Four-year plan keeps public at the heart of policing


Posted on 23rd February 2012

Derbyshire Police Authority has formally approved a plan which sets out how the force aims to make the county safer over the next four years and in so doing set the foundations for the police budget for 2012-13.

The Policing Strategy 2012/16 reflects key policing risks and the top concerns and priorities raised by the public during consultation and spells out how the force intends to address them.

Derbyshire is officially the safest county in the East Midlands region and indeed, one of the safest in the country, well on track for the ninth consecutive year of crime reduction. There are now 37,000 fewer victims of crime in the county than there were in 2002/3 while burglary has more than halved, vehicle crime is down two-thirds and criminal damage is down by more than a quarter.

Throughout the past 12 months, the Police Authority has engaged with the public during various Have Your Say consultation events to find out which areas of crime are of most concern to them. Almost 7,000 responses were obtained overall and the Policing Strategy sets out the top priorities as: drug dealing/supplying, protecting vulnerable people, groups of nuisance youths, drug taking, burglary, alcohol-related violence, knife and gun crime, dangerous driving and traffic issues, people drunk or rowdy in public and domestic violence.

In addition, the Plan sets out five core aims which will influence and guide every decision made by the force and help it to provide top quality services. These are: protecting the vulnerable, attacking criminality, providing reassurance, preventing and reducing crime and delivering value for money. The Police Authority supports the 15 Constabulary Commitments, which cover ‘Working for Communities’, ‘Getting it right first time’ and ‘Supporting Local Priorities’.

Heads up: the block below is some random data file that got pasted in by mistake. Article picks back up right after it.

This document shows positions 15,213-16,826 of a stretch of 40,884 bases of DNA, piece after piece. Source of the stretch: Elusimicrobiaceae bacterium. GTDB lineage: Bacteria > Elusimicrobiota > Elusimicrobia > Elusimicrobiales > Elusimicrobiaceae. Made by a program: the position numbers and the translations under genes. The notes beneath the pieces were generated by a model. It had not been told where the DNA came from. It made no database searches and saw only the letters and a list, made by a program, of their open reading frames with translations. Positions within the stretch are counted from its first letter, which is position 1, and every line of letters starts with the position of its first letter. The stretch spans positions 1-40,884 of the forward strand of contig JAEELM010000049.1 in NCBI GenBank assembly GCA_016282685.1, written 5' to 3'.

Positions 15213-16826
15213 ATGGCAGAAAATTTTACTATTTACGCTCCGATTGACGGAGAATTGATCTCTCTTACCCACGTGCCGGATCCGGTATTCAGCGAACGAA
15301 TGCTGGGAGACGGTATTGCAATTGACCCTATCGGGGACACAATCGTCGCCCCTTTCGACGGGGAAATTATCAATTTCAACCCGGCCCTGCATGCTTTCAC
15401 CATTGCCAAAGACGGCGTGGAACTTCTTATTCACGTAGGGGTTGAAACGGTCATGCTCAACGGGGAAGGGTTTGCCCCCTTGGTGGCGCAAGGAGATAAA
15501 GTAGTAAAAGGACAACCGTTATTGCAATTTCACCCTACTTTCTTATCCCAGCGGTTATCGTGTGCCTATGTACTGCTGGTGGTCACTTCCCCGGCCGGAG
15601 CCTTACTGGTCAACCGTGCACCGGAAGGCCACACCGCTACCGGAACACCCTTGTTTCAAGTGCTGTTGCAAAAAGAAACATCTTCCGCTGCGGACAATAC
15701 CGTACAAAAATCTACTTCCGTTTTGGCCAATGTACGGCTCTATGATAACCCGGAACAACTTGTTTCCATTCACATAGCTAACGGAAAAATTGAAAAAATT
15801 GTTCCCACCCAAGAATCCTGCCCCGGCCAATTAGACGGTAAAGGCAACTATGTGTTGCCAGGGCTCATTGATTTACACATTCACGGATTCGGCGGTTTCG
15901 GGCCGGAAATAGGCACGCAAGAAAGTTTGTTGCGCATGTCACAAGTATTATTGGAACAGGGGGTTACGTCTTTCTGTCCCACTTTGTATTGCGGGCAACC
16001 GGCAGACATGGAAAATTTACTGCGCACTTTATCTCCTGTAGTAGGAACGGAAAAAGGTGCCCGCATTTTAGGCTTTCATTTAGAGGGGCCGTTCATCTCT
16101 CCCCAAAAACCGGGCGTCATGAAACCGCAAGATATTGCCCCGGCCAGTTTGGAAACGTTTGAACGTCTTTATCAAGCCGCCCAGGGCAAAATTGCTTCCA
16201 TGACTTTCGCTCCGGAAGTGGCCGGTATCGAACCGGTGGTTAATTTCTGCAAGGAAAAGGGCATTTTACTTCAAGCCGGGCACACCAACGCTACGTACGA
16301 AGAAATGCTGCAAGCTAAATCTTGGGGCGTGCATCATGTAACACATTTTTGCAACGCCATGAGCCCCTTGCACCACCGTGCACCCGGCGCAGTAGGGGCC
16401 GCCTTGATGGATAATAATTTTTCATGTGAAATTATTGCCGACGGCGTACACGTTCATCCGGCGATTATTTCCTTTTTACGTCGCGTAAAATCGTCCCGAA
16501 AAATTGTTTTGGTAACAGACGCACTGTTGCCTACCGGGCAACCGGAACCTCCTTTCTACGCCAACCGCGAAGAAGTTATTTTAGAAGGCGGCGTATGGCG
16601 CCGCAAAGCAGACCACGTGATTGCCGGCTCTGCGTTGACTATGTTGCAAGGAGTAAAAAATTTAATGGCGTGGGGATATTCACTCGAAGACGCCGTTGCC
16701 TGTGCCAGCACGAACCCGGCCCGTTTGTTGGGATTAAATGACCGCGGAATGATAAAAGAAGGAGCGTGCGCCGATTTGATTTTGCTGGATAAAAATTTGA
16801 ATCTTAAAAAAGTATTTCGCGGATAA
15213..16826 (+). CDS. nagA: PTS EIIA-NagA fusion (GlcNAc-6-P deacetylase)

Philip Hickson, chairman of Derbyshire Police Authority, said: “This Plan really challenges us to keep up the good work and ensures those issues which matter most to our communities are given the prominence they deserve. Public safety lies at the heart of this document and as such the Authority will regularly monitor performance to ensure the force is meeting its pledges and that local people know what is happening in their area to address the issues raised.

“While we do not underestimate the impact the funding shortfall continues to have on our budget and resources we find ourselves in a much stronger position to protect our performance. Foresight and prudent planning has seen us already deliver much of the deficit we face which means we are now able to draw from our healthy reserves to help deliver the ambitions in the Plan, including the recruitment of more officers to strengthen our police presence and boost confidence in policing.

“As well as listening to the priorities of our residents, we are also determined to make sure the services we provide continue to offer value for money. This Strategy outlines the measures we are taking to reduce our spending including the further collaborative work we have planned with other forces which will allow us to save money and enhance our capacity to deal any future threat. However, there is no room for complacency and we will continue to evaluate every part of our operation to see where we can become more efficient and provide more for less.”

The Police Authority has already secured £15m of the £19m it needs to plug the funding gap that resulted from a 20% reduction in its Government grant until 2015. Much of the savings have been possible through the collaborative opportunities identified through the East Midlands Police Collaboration Programme (EMPCP), which is currently managing 35 projects. All the projects aim to save money, increase capacity and capability, maintain or improve customer service standards, use officer and staff time in the best way possible, deliver the best service with the resources available, improve performance or make better use of technology.

The Police Authority decided to accept the Government’s council tax freeze grant and not to increase the policing element of council tax which will stay at £163.74 per year for a Band D property. For a property in Band A this is less than £2.10 a week. Through careful planning and efficiency savings, the Authority is now in a position to start recruiting police officers (PCSOs) and staff once again from as early as April. This will protect neighbourhood policing in the future and provide a strong foundation for the new Police and Crime Commissioner.


Media Enquiries: Sallie Blair, 01283 821012 / 07702 541401